History Channel’s ax man has stories to tell.
Abby Miller Photograph
Shelby Stanga might be a television personality, but you won’t find him living in luxury. The swamp logger prefers to sleep in a sleeping bag and hammock next to a boat launch on the Tangipahoa River.
Stanga has recently become a bit of a star thanks to the History Channel’s show Ax Men, which features him and four other logging companies around the country.
Stanga, as the show chronicles, pulls ancient sinker logs out of the Bedico Swamp in Tangipahoa Parish. Between 1850 and 1944, the swamp around Tangipahoa River and its creeks and bayous was milled extensively. The old-growth trees, most of which are cypress, were felled and floated down the creek to Lake Pontchartrain and used in home construction in New Orleans. Some of the logs sunk, and they’ve been sitting in the mud ever since — some for more than 100 years. The trees range in age from 2,000 years old to 5,000 years old.
The logs have absorbed minerals from the mud in a process that alters the appearance of the wood. The result is a rainbow of colors — yellow, red, blue, green, purple and brown — and a very attractive product that Stanga sells to such furniture-makers as the Northshore’s Keith Dufour.
Stanga, fast-talking and weathered, with a penchant for expletives, dives into the water to locate the logs.
“I put 108 pounds of lead [diving weights] on, steel-toed shoes and sometimes a damn hard hat,” he says of his preparation for finding the logs. He runs along the river bottom, feeling in the mud with his feet, because “99 percent of the logs are underneath the damn mud.”
When he locates a log, Stanga digs in the soft mud, sometimes 6 or 8 feet down. It’s dangerous work: He risks running into a log if the visibility is poor or losing his respirator if it gets ripped out of his mouth on a branch.
“Every load, I drown three times,” he says. He’s generally swimming in 18 to 20 feet of water, he says, and the logs can be 5 feet around.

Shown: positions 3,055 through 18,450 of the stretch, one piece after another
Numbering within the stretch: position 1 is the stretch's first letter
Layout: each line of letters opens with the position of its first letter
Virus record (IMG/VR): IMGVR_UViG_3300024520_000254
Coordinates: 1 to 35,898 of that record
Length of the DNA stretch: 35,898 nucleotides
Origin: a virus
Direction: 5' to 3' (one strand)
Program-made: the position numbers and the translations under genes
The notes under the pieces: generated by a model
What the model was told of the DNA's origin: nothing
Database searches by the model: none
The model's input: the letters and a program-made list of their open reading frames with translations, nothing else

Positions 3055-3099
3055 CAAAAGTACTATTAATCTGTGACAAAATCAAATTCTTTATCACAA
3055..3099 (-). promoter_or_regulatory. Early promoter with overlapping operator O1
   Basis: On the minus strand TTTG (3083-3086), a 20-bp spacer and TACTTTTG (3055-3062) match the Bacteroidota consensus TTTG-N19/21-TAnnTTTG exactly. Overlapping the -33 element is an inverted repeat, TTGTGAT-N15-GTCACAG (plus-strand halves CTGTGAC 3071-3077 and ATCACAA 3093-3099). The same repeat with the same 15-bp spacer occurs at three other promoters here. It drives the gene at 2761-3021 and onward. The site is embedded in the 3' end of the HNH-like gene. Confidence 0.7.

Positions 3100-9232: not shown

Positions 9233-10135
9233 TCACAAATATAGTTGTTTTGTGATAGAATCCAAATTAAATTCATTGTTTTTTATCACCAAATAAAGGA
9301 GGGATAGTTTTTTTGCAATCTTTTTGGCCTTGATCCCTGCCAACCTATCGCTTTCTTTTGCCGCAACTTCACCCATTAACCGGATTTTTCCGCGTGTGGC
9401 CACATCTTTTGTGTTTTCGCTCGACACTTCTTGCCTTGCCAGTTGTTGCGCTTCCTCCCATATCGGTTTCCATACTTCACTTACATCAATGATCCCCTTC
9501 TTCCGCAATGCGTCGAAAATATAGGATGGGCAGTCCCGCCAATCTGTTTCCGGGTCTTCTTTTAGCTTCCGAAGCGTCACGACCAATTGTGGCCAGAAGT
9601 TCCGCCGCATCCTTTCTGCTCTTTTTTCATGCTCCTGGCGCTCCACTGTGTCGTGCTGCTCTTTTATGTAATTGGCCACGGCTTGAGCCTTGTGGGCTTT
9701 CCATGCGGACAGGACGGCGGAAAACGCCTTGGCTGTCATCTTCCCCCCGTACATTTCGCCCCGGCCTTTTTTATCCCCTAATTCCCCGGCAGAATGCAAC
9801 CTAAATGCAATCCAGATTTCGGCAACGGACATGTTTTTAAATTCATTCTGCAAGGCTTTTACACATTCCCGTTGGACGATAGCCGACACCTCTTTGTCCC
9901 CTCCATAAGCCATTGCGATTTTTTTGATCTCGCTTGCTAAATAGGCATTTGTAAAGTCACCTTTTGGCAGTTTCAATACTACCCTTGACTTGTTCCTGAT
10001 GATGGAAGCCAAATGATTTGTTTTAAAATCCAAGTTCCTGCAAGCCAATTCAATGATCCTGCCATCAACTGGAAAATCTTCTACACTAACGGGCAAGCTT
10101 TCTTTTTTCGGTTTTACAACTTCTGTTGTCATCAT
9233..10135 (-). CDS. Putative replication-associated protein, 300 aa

And then there are the critters he encounters while searching for logs. He sports scars from snake and snapping turtle bites, though he’s been known to get revenge on the offending reptiles: He sometimes bites the heads off venomous snakes and has teeth marks on his tongue to prove it.
Once he’s finished digging, Stanga hooks the log to a crane on a barge and drags
it to shore.
Stanga, who gave this interview with a long barrel revolver tucked into one of his camouflage hunting boots, is quite the storyteller. With his signature shout of “Here we go!” and his throaty cackle, he spins tales of finding sunken ships and treasure, gun fights, being kidnapped as a baby, living in the tops of enormous cypress trees and hunting snapping turtles for Arnold Schwarzenegger’s boots. Some of it must be true — he’s got photos of himself perched high in trees and holding enormous snapping turtles, plus a collection of artifacts such as broken clay pipes and Civil War-era coins. But with Stanga it’s hard to tell if even he knows where the truth ends and fiction begins.
Despite his rise to fame, Stanga’s iPhone is probably his fanciest possession; he’s never known anything other than hunting, fishing and logging the swamp. “I’m happy,” he says, “as long as I have bullets and chew for my lip.”
(See related story, Loggers. )